2012 nba draft

Here Comes Another Weird, Wild NBA Draft

Draft prospect Anthony Davis speaks to the media during the 2012 NBA Draft Media Availability on June 27, 2012 at Westin Times Square hotel in New York City.
Anthony Davis is the only sure thing tonight.

We are but hours away from the beginning of the NBA Draft in Newark. The New Orleans Hornets will draft Anthony Davis, the towering mantis-person who led the dominant Kentucky team this past season. After that, nobody has a clue. Seriously. Guys like Florida’s Bradley Beal, Kansas’s Thomas Robinson, and UNC’s Harrison Barnes are expected to go somewhere in the top five, with a relatively deep list of prospects (including quite a few more Kentucky guys — thanks, Cal!) left over. It’s totally up in the air after the first pick, though. Every selection up to number two has been included in trade rumors over the last couple of days, and a few picks have already changed hands (most ending up in Daryl Morey’s greasy meat hooks). I’ve never understood why so many trades are left until draft day itself, but it always works that way and appears to be headed that direction again tonight. Not just draft picks but some prominent NBA veterans — Pau Gasol, Josh Smith, even Dwight Howard — could change teams this evening. Anything can happen. You might get traded. Keep your phone on.

Yesterday, Will covered some possible selections for the Knicks and Nets, both of whom are stuck late in the second round after trading away this year’s first-round picks. But what about the possibility of either club participating in the trade madness?

For the Knicks, it’s unlikely but not out of the question. They can’t “buy” a first-rounder like they have in previous years because of assets lost in the Tyson Chandler deal. Trading for a first-rounder is almost as unlikely, unless some team is really desperate to save money and avoid committing to a guaranteed contract. However, trading up to an earlier pick in the second round is a possibility if there’s someone the Knicks really covet. Alan Hahn suggests that there are a few guards (New York’s foremost area of need) of interest that might warrant a small trade. My guess is that they’ll do nothing, sit tight, and see who falls to them at 48.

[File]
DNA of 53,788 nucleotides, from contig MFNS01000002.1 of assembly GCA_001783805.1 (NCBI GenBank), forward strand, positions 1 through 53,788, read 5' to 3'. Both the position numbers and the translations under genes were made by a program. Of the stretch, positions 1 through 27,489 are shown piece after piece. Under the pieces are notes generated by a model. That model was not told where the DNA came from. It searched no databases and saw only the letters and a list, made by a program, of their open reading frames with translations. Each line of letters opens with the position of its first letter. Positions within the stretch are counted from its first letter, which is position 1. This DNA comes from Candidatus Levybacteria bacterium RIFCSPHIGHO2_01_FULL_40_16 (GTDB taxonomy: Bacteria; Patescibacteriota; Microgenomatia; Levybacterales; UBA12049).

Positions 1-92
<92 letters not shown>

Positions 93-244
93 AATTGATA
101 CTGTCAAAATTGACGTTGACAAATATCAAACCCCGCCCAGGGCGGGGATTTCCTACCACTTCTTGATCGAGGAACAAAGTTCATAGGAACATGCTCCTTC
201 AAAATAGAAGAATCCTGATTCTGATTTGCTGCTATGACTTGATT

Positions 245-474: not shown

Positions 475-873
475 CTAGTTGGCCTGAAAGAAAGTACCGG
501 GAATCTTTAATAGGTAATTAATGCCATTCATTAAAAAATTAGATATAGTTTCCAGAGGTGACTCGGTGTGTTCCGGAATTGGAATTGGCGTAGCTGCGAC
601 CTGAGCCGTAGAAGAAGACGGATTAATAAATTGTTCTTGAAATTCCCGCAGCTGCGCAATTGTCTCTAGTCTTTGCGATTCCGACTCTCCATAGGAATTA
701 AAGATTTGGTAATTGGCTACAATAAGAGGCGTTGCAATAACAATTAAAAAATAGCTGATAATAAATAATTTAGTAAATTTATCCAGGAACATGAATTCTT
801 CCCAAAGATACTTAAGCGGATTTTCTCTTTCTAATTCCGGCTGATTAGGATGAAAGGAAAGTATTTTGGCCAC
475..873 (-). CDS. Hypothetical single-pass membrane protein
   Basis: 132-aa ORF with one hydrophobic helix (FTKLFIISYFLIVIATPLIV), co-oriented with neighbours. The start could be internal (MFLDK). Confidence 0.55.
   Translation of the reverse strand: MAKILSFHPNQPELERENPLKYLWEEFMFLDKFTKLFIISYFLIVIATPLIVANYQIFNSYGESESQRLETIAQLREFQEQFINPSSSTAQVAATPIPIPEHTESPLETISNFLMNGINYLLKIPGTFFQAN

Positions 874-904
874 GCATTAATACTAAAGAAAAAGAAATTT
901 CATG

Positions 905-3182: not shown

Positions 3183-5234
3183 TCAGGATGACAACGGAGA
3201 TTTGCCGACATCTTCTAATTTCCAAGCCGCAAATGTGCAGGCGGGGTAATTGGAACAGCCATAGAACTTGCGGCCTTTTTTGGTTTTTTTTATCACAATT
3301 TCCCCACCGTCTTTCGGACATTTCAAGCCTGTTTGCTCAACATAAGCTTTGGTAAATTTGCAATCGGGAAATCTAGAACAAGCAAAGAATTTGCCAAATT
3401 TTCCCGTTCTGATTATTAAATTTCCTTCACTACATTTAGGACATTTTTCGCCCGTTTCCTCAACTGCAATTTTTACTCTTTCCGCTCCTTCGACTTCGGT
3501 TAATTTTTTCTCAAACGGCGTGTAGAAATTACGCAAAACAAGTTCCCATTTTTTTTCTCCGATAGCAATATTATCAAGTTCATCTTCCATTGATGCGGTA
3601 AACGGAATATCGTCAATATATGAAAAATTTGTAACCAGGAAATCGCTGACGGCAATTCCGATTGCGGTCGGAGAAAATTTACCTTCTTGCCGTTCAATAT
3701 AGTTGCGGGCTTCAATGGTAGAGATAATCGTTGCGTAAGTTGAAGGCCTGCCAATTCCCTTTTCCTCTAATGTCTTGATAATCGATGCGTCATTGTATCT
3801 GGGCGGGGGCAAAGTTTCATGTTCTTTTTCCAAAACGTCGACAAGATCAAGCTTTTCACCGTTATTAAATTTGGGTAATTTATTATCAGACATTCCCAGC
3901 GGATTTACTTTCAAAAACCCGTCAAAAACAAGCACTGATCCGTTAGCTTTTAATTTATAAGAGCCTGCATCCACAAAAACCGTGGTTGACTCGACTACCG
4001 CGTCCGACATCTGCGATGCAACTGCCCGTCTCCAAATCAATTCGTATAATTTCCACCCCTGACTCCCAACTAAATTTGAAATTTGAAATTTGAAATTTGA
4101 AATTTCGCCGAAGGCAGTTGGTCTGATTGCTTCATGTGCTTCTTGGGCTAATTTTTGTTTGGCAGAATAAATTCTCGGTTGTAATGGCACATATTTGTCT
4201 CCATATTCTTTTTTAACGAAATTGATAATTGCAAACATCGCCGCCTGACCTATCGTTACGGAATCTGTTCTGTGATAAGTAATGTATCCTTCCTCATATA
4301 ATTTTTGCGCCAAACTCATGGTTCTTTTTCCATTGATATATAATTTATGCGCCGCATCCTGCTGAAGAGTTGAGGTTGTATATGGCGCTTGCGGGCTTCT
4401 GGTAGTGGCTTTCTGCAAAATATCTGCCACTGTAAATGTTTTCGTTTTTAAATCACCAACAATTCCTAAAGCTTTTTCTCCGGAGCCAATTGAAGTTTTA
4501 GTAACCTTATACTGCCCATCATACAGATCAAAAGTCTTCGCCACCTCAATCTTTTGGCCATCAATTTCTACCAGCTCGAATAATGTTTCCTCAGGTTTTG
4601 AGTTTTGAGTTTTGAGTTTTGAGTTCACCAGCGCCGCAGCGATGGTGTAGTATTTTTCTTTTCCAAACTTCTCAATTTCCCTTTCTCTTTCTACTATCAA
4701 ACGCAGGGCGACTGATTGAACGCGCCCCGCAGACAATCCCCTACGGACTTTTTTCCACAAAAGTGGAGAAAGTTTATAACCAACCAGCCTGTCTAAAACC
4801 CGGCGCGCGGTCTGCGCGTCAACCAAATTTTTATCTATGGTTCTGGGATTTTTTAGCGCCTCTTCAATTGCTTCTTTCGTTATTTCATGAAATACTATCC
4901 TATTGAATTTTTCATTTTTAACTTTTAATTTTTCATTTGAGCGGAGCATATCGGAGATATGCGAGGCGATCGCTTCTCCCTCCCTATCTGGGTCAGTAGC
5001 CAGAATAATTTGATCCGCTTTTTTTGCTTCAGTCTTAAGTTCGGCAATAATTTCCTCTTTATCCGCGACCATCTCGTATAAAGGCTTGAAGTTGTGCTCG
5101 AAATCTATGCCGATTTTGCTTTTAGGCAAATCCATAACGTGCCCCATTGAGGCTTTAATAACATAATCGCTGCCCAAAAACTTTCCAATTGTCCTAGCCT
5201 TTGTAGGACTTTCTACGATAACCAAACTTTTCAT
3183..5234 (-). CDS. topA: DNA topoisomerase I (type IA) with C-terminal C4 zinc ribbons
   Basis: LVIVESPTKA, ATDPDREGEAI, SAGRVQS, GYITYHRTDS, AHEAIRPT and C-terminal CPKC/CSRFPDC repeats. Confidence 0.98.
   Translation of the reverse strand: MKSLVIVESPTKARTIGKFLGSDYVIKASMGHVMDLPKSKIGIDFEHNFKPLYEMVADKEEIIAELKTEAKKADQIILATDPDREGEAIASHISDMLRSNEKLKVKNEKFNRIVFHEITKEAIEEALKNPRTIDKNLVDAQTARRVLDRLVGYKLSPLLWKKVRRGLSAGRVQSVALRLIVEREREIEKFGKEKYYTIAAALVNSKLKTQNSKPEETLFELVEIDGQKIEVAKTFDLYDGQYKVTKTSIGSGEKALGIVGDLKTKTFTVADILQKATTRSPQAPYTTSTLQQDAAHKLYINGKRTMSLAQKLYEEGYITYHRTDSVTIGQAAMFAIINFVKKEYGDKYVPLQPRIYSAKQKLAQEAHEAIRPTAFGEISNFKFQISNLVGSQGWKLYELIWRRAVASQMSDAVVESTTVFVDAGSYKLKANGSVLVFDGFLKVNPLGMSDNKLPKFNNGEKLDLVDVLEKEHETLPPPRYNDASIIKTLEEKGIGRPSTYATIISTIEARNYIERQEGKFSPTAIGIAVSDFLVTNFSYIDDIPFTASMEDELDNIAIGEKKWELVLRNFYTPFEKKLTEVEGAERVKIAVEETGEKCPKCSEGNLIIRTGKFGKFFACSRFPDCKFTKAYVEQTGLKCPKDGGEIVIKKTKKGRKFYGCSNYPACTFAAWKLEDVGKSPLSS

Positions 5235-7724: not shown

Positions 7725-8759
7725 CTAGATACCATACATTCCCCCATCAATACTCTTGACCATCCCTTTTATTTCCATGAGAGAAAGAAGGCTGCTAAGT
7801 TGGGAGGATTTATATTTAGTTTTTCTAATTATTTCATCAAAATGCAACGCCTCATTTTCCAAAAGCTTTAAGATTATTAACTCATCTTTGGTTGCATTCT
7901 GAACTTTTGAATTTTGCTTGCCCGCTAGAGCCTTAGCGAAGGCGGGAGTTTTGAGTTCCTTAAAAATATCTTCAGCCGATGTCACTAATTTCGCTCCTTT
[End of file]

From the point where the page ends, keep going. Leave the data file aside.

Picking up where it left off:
The Nets, meanwhile, could be more active. They’ve got much more space with which to work, and also intentionally held onto that $3 million trade chip that the Knicks no longer own. Billy King was understandably vague when asked about trading into the first round, but made it sound like a move was possible if the right guy dropped to a suitable trade partner.

And that’s what’s up. It shall be another night of uncertainty and surprise. Three related pieces of advice if you’re following along: 1. Almost all of the trades will be reported by guys like Adrian Wojnarowski, Marc Stein, and Jonathan Givony on Twitter well before David Stern announces them. 2. Those guys will also occasionally leak the picks in advance, which kind of ruins it. 3. There are fake accounts like @WojYahoooNBA out there that have been fooling people all week. Be vigilant. Enjoy!

Here Comes Another Weird, Wild NBA Draft